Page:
Something will go wrong everyday and it will be ok
From each failure will come an instance of learning for you and your students
Each day will come with unexpected rewards in tiny ways
You didn’t become a teacher just to teach content
Good teaching can happen no matter what or where
You are NOT the most knowledgeable thing in the classroom, you are a talented education facilitator
Student collaboration is essential to the environment
If you must choose between believing if it was student error or computer error, give your student the benefit of the doubt
Your students may be able to fix your tech problem
Your mindset is always an integral part of your classroom. You are adding an unpredictable element, technology, to your classroom upon which your instruction and your students’ learning relies. The way you mentally approach technology integration in your classroom will make it or break it for you and for your students. Remember: the learning process should be enjoyable for all with or without technology. I truly hope your daring tight rope walk is an incredible success enjoyed by all.
Are you starting a new technology platform in your class? Perhaps you would like to use computers more in your class, but you just don’t know where to start. Maybe you just got handed a set of iPads and were told to get on the bandwagon. Remember when you began your teaching career? One of the first things you had to learn was classroom management. Harry Wong was right when he said, “Effective teachers have to have a classroom management plan…” While you need to start the year teaching your classroom management plan that you will use for daily routines, there are some things that specifically need to be taught in a class that uses technology. Your teaching will be more effective and your classroom management will be more successful if you teach your students these ideals and skills early on:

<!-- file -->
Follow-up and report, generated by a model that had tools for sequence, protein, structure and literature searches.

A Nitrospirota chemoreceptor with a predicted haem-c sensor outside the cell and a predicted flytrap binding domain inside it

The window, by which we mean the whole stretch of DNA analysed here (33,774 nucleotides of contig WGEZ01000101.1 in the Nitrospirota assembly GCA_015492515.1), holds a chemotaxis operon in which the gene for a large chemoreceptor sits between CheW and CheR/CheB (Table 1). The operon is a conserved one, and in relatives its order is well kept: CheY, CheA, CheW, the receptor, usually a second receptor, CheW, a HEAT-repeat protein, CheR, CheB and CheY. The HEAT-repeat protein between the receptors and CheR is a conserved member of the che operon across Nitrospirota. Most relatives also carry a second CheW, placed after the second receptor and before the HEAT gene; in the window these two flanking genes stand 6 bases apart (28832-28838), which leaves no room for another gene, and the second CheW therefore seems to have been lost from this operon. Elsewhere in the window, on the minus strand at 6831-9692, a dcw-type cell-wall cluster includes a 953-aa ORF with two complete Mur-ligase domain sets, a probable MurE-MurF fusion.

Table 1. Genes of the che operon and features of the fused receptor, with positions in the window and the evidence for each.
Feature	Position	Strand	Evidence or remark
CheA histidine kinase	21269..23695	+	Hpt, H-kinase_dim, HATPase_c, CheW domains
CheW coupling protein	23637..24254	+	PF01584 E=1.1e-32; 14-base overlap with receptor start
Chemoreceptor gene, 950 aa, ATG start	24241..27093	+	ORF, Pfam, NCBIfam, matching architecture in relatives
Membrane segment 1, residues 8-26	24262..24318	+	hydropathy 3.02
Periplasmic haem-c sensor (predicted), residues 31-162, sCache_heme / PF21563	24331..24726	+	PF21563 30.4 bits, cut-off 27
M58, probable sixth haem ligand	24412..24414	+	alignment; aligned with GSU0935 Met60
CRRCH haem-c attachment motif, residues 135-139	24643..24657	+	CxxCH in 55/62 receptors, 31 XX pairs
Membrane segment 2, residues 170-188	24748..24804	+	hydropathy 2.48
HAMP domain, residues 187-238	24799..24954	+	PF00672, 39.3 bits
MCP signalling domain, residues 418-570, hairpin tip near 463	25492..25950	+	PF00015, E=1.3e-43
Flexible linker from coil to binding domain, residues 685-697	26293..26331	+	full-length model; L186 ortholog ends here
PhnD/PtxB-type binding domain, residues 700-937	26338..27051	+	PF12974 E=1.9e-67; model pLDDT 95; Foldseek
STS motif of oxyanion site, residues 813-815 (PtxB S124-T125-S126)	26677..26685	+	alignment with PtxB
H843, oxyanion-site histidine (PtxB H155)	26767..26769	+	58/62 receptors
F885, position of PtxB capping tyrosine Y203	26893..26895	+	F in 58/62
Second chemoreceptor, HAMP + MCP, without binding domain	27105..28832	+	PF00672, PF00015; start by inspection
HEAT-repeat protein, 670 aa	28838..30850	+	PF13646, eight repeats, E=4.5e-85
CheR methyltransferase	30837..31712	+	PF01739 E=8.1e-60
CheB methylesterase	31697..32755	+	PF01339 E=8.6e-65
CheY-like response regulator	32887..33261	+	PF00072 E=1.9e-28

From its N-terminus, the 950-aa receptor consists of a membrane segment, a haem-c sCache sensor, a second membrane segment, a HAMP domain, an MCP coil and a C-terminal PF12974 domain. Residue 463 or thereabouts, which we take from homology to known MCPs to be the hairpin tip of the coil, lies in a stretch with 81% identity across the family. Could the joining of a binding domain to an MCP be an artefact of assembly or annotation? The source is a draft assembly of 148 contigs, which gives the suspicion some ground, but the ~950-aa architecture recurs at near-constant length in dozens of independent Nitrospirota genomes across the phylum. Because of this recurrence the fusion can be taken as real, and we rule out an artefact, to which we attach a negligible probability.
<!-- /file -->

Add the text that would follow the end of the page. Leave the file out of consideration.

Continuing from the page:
Model how to get out and put away devices
Just like you have students practice how to line up in the hall and how to raise their hand, so too, should you have them practice the getting out and putting up of their assigned device. (Don’t forget to assign a device to each student to make tracking usage and maintenance easier. This also builds a sense of responsibility.) Do you want students to plug in the device after every use? Where do ear buds go? Stylus’? How will students know what supplies they need that day?
Students are expected to help other students with tech needs
Sounds simple right? Wrong. This takes training. It takes training to wean students away from depending on the adult in the room for everything. Students want help from the adult. The students who can help, want approval first. This has to all be explicitly taught. These are the right times to help. These are the wrong times to help. I teach my students to help without “making a show” of it. I also don’t reward them with anything other than thank you. Helping someone should be its own reward.